Why Hunter Biden Won’t Be Raising a Second Amendment Defense on Gun Charges

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AP Photo/Jose Luis Magana

If and when Hunter Biden goes to trial on federal charges for purchasing a firearm as an “unlawful user of drugs” and lying about his status on the Form 4473 he filled out before purchasing a pistol, his legal team won’t get too far arguing that the statute itself is unconstitutional. Last week, U.S. District Judge Maryellen Noreika foreclosed that line of defense, at least at trial, when she rejected a motion to dismiss the charges on Second Amendment grounds. 

In her 10-page order, Noreika ruled that § 922(g)(3) is not unconstitutional, at least on its face. Biden can raise an “as applied” challenge to the statute if he wants, but only on appeal once the trial has concluded. In her ruling, Noreika cited a recent Eighth Circuit decision upholding the constitutionality of the statute in question, as well as pointing out that a Fifth Circuit decision that found problems with the statute only applied to the specific defendant in that case. 

Over at Reason, columnist Jacob Sullum notes some of the flaws in the Eighth Circuit decision.

 Last month in United States v. Veasley, the 8th Circuit rejected a facial challenge to Section 922(g)(3), citing the legal treatment of “the mentally ill” in the 18th and 19th centuries.
In the 18th century, the appeals noted, justices of the peace were empowered to order the confinement of “lunatics” who were deemed a threat to public safety. Since such confinement “did not include access to guns,” the court reasoned, it was clear that “lunatics” had no such rights. And by the late 19th century, states had begun to prohibit gun sales to people of “unsound mind.” Together with “the even longer tradition of confinement,” the 8th Circuit said, “these laws suggest that society made it a priority to keep guns out of the hands of anyone who was mentally ill and dangerous.”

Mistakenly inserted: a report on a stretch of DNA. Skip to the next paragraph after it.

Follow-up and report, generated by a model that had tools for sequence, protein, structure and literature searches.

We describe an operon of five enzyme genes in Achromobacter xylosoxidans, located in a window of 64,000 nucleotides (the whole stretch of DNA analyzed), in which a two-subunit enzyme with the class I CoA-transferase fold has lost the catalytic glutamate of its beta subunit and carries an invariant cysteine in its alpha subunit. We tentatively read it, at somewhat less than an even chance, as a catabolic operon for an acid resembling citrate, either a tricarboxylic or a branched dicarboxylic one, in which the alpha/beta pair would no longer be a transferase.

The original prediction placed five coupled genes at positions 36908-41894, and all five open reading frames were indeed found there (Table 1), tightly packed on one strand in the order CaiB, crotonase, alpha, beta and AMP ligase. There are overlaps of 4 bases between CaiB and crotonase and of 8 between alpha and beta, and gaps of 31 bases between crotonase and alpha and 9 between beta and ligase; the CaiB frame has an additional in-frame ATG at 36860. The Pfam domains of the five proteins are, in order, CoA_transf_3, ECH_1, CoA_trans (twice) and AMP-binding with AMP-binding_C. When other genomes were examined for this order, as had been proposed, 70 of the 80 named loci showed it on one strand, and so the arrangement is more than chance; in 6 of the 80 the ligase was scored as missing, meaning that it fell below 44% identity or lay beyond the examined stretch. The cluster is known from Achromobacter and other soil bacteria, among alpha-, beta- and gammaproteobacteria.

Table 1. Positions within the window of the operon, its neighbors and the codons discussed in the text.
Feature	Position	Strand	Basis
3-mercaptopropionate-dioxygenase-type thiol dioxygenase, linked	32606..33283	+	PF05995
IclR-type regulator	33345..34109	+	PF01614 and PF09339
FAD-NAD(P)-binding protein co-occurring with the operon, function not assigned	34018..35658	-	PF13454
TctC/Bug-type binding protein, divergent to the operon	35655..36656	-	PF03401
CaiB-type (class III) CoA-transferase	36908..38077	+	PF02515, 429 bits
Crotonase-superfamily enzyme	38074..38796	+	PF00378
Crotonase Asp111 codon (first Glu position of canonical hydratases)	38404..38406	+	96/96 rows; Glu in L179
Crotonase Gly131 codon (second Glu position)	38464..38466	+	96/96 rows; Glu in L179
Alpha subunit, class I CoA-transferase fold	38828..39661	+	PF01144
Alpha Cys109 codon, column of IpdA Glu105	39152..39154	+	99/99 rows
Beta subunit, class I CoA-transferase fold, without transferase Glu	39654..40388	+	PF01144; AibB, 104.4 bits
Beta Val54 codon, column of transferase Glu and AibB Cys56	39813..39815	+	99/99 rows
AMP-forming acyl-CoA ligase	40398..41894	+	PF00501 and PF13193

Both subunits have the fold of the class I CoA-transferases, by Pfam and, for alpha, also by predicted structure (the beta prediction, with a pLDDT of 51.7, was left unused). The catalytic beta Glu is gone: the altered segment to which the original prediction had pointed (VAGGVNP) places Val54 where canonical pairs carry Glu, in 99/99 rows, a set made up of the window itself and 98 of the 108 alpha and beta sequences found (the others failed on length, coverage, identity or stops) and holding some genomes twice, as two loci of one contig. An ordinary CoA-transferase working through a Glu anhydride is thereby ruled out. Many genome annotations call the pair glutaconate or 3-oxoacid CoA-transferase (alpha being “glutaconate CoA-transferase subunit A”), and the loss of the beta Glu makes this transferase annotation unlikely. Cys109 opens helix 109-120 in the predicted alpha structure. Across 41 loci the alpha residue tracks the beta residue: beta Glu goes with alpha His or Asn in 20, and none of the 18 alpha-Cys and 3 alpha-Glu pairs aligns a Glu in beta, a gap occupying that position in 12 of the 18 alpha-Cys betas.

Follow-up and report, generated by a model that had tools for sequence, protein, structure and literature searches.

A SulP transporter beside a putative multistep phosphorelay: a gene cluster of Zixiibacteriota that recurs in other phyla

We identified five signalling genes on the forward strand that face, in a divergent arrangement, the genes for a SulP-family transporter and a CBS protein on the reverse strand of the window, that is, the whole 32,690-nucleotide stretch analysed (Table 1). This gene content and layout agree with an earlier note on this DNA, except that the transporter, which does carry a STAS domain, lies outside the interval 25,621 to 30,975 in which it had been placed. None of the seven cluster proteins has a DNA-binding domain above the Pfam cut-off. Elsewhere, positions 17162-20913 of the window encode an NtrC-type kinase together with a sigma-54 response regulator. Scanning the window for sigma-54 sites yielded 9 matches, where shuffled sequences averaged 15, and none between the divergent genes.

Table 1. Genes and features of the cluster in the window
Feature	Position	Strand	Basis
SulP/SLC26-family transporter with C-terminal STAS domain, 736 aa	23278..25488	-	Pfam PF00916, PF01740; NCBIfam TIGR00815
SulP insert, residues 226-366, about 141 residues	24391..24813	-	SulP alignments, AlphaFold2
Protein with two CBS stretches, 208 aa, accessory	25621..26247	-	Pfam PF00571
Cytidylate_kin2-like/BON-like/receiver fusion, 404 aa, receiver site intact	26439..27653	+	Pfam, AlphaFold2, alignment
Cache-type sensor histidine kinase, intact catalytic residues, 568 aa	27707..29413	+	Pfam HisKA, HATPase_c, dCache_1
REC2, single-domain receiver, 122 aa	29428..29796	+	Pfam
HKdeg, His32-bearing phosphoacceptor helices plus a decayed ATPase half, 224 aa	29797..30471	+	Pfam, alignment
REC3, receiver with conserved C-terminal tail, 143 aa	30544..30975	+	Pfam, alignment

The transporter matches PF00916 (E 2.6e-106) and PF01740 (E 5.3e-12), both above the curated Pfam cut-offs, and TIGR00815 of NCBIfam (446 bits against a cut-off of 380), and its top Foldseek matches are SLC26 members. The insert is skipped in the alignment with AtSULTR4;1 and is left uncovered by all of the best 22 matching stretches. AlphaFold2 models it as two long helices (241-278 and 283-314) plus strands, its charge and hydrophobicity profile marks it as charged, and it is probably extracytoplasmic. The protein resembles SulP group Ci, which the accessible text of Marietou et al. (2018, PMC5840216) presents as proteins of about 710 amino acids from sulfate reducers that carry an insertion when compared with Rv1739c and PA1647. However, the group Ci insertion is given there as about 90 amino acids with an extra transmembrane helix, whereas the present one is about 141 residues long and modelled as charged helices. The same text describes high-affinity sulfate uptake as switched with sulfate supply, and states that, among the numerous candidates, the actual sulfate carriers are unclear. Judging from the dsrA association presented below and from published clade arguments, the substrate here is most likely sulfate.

Those precedents, the appeals court said, amply justify Section 922(g)(3): “The ‘burden’ imposed by § 922(g)(3) is ‘comparable,’ if less heavy-handed, than Founding-era laws governing the mentally ill. It goes without saying that confinement with straitjackets and chains carries with it a greater loss of liberty than a temporary loss of gun rights. And the mentally ill had less of a chance to regain their rights than drug users and addicts do today. Stopping the use of drugs, after all, restores gun rights under § 922(g)(3).” The court thought the justification for Section 922(g)(3), “which is to ‘keep guns out of the hands of presumptively risky people,'” is “also comparable.”
The 8th Circuit assumed that drug users are analogous to “lunatics” and people of “unsound mind” who are “mentally ill and dangerous.” But the U.S. Court of Appeals for the 5th Circuit rejected that analogy last year, when it overturned the Section 922(g)(3) conviction of Patrick Darnell Daniels Jr., a Mississippi man who was caught with a gun and the remains of a few joints after he was pulled over for driving without a license plate in April 2022.